Bucyrus, Ohio – July 2018 – Time Warp Travel for Gas Stations Continued

Another weekend of travel has allowed us to check out not 1 or 2 restored gas stations, but 3. Two of the stations are in the same small Ohio town of Bucyrus.

First up is a Sinclair Station.

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This station is next door to a repair shop owned by Carl. We stopped by at 7 AM on a Saturday morning and Carl was just opening his business up for the morning, and invited us in. Carl has a large collection of auto related items – so much in fact that the TV show American Pickers once paid him a visit.

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Just outside of town is a small restored Marathon station called ‘Mom and Pops’. We saw someone walking out of the driveway as we drove up and asked him it if the station was his. He replied no – but yelled at ‘Bob’ who was outside the house next door if it was ok if we took some photos. Bob yelled back ‘ yep thats what it is there for’.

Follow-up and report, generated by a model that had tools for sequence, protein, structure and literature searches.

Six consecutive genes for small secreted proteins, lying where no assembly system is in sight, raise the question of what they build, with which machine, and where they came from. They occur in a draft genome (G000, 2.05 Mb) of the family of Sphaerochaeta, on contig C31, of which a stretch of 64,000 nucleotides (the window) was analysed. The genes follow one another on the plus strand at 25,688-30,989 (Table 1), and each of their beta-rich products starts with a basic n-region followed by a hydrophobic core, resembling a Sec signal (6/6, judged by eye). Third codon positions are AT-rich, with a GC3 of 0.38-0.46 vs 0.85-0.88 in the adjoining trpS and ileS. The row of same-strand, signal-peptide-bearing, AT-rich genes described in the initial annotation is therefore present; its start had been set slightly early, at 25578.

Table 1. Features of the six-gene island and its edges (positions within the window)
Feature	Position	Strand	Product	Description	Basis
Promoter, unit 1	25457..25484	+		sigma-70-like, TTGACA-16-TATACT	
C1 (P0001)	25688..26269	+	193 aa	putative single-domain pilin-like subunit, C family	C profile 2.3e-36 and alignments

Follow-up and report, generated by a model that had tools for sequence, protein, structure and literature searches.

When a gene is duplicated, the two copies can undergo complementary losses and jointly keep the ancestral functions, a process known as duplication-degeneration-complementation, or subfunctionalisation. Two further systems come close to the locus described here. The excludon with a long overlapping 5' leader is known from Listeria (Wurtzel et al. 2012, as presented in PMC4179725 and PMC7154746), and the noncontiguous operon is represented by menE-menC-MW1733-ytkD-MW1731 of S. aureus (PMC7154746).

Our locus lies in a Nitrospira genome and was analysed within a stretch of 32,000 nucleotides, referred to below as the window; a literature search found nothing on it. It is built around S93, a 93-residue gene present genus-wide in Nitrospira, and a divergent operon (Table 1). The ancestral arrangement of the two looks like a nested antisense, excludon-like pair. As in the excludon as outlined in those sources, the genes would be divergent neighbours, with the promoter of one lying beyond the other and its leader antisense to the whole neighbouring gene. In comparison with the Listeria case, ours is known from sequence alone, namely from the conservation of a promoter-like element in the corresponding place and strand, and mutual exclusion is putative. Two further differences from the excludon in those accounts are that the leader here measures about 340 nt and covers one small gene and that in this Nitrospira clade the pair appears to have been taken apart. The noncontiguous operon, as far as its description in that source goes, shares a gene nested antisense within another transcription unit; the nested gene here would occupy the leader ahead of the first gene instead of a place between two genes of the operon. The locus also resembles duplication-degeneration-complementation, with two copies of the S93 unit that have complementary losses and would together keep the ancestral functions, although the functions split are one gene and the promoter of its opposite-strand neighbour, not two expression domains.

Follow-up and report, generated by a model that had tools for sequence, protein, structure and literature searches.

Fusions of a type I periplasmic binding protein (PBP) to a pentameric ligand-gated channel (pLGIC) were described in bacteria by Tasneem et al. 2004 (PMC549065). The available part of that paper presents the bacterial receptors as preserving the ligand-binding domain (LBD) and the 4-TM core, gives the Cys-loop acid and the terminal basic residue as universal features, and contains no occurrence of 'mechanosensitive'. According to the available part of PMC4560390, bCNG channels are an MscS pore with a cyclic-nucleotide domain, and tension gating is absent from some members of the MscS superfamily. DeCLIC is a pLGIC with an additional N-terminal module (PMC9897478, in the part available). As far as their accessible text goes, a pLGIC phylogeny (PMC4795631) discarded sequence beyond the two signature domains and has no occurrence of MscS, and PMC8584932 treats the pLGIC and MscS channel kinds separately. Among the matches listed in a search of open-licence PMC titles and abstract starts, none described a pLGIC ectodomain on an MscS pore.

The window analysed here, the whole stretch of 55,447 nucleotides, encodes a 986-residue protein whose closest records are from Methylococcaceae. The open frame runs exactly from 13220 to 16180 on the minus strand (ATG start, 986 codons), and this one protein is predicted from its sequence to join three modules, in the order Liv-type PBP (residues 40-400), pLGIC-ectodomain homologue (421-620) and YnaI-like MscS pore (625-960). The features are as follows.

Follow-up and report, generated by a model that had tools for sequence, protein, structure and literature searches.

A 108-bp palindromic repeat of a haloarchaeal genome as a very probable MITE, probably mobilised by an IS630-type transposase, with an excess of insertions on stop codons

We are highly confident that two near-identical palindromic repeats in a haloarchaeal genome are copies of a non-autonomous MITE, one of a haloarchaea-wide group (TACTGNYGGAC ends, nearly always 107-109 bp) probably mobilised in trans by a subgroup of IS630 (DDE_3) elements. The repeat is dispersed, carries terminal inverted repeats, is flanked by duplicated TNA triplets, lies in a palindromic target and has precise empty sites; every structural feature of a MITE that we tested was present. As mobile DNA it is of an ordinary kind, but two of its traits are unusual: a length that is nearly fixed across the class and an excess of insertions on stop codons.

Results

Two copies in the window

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In the early days the stations were tiny little buildings, unless they did service.

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This station was well restored.

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As our weekend continued we found ourselves back in Plymouth, Indiana for a stop for dinner. We have previously visited this Mobil station, but in the rain. This gave us a chance to get some photos in better weather.

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And the time warp gas station travel continued.

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On our way home from Pittsburgh we stopped in Steubenville at a auto repair shop that is actually a fully restored Sohio station.